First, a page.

Is that being fundamentalist? I thought that is Economics 101 unless I learnt my basics of economics wrong. What bothers me is that some senior economists seem to have ignored the most fundamental issue: they are not God.

Yes. Economists aren't God. A surprise to some?

A sensible economist will NEVER interfere in the price mechanism (price of money). But, instead, we act like socialist dictators, fiddling with the price of money each month, so called 'fine tuning' interest rates, and expect we can control the economy!

Pardon me, but people are actually rational, and it makes sense to ONLY splurge and overinvest when interest rates are lower than they would have been in the free market. Show me one reason to save when bank deposit rates are 0.1 per cent and inflation is 3 per cent? What's irrational about humans who over-invest in car factories hoping that they will skim off profits well before the inevitable decline sets in? A Ponzi game established on the backs of central bank charity is quite rational, if you were to ask me.

Sanjeev Sabhlok
PS If anyone has time, happy to get comments on both my books (one published, one under way), linked at:

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Time to bury India’s antiquated bureaucracy

Sanjeev Sabhlok

(article published in Freedom First, April 2009)

Over the course of 150 years the British Imperial civil services in India mastered the art of maintaining a semblance of law and order even under difficult circumstances. It was therefore natural for India to continue with these services after independence. They provided a steel frame which held India together.

Even today, these (by now rickety) tenured civil services continue to offer some value. For instance, about half the new recruits in each state to the Indian Administrative Service (IAS) are from other parts of India; this helps in India’s integration as a nation.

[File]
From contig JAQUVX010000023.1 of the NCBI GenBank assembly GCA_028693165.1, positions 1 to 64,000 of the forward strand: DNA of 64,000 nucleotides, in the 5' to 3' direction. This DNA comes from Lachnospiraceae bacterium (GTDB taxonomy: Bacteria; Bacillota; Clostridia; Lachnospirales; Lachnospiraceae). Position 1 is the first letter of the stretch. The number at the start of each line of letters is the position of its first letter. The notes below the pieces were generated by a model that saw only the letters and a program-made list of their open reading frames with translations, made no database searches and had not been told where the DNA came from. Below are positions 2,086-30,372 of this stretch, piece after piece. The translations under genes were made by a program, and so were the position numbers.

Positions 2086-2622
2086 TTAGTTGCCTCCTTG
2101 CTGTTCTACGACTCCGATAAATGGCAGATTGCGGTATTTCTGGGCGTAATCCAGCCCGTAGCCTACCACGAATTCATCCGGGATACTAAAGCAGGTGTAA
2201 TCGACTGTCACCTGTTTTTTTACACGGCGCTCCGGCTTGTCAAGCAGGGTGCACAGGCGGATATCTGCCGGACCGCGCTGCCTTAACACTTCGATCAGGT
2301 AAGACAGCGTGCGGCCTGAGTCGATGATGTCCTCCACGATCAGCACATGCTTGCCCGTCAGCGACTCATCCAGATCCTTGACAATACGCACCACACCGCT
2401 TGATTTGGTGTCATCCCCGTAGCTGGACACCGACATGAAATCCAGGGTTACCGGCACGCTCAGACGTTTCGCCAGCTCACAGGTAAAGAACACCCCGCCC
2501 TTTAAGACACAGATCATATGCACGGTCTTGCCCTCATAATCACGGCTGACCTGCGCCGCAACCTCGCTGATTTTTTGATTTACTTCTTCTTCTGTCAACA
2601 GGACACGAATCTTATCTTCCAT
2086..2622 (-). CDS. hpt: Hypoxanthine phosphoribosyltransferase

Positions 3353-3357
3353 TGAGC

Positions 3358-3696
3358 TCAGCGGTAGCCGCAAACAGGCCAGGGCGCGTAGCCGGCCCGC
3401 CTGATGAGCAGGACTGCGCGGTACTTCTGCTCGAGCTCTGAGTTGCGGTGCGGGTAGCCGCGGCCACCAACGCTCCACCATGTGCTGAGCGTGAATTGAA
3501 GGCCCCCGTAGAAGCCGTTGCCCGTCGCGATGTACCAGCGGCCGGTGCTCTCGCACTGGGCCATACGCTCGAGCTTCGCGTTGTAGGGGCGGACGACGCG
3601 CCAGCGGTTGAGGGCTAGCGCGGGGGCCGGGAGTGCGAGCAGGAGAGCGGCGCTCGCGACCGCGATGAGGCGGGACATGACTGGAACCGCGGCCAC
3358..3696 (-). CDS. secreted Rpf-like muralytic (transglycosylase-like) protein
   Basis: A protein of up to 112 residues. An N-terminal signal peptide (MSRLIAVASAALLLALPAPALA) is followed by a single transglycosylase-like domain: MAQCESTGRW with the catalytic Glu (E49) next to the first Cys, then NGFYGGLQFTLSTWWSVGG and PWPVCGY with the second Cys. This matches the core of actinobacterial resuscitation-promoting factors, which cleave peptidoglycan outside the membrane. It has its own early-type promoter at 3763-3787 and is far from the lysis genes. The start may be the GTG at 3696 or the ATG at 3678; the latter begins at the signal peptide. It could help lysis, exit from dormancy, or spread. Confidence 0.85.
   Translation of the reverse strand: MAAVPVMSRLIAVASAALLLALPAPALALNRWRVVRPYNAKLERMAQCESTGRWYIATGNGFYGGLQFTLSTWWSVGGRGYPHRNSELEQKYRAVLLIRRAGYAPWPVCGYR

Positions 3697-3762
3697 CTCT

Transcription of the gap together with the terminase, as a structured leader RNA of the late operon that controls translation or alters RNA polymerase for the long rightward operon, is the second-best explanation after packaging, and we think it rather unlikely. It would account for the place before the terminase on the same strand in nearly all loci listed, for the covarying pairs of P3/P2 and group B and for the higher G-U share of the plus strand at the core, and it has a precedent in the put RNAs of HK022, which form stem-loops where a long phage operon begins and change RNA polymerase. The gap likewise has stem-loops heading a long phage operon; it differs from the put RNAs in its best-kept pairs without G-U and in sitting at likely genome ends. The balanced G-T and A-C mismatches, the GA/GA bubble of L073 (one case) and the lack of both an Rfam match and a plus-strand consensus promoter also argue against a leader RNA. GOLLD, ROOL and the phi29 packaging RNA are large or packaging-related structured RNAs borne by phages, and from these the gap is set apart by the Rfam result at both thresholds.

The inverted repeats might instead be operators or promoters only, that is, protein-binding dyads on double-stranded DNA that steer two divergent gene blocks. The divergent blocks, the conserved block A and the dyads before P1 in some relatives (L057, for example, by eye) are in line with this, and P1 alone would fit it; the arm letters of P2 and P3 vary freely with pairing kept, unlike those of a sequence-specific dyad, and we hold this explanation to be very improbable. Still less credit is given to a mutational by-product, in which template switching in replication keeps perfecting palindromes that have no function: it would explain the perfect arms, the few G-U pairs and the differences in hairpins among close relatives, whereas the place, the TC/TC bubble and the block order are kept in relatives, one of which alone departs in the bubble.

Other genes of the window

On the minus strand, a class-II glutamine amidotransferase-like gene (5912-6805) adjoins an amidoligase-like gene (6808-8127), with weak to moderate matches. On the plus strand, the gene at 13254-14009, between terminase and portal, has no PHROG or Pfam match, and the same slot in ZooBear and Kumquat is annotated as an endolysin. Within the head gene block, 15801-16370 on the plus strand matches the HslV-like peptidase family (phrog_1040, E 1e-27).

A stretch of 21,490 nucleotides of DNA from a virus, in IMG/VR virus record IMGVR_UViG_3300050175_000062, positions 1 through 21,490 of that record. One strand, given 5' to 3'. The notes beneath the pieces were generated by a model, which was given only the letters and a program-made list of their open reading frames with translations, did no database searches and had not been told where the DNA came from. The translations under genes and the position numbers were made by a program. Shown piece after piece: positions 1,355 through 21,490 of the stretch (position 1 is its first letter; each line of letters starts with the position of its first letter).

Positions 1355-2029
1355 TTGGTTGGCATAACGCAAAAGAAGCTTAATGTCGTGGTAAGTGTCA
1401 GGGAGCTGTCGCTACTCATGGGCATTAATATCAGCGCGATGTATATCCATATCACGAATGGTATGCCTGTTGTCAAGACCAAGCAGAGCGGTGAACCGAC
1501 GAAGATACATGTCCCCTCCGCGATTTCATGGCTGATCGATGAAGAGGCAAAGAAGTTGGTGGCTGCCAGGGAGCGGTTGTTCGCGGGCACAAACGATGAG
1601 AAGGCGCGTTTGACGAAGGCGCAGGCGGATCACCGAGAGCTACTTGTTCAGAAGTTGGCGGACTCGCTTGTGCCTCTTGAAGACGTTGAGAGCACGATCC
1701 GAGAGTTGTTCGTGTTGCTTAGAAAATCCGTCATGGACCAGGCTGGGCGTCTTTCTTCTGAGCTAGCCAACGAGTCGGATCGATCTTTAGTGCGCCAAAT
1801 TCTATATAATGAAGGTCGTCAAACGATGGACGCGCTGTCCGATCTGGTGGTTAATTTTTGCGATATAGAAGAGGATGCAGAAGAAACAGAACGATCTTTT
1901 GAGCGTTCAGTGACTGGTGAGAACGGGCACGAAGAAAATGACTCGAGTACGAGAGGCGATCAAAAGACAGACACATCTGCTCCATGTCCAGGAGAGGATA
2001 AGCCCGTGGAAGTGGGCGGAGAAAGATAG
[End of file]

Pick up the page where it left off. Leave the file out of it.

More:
The great problem with tenured services
Unfortunately, the few benefits we get from such services are overwhelmed by their many shortcomings. Their main drawback is poor performance since it is not merit but sycophancy (and in India’s case, corruption) that is rewarded; and punishment for bad performance is not an option.

Thus we have a great dichotomy between our public and private sectors today. While Indian business performance is often second to none, the results of India’s public sector are poor beyond description. Delivering simple things like water, electricity, roads, and education is well beyond the capacity even of our elite IAS.

The fault lies with the structure and incentives of our bureaucracy. When seniority is all that matters, incentives for policy expertise and leadership quickly fall apart. In India, this weakness is compounded by relatively low salaries and massive political corruption. The result is simply disastrous. Nothing works, and corruption reigns supreme.

Having worked for 18 years in the IAS and, later, for 8 years in the public services in Australia, I have seen first hand the difference between good and bad bureaucracies. When I started my migrant life in a middle rung of the Victorian bureaucracy in 2001, I was surprised to find that the performance of senior Australian bureaucrats was significantly better than anything I had come across in my Indian peers. Virtually no IAS officer knows more in the relevant subject area, can think as well and as strategically, or lead a team of professionals better than his or her Australian counterpart. Similarly, Australia constantly benchmarks its performance in every sphere with the world’s best, but in India it is enough to be a touch better than Bihar.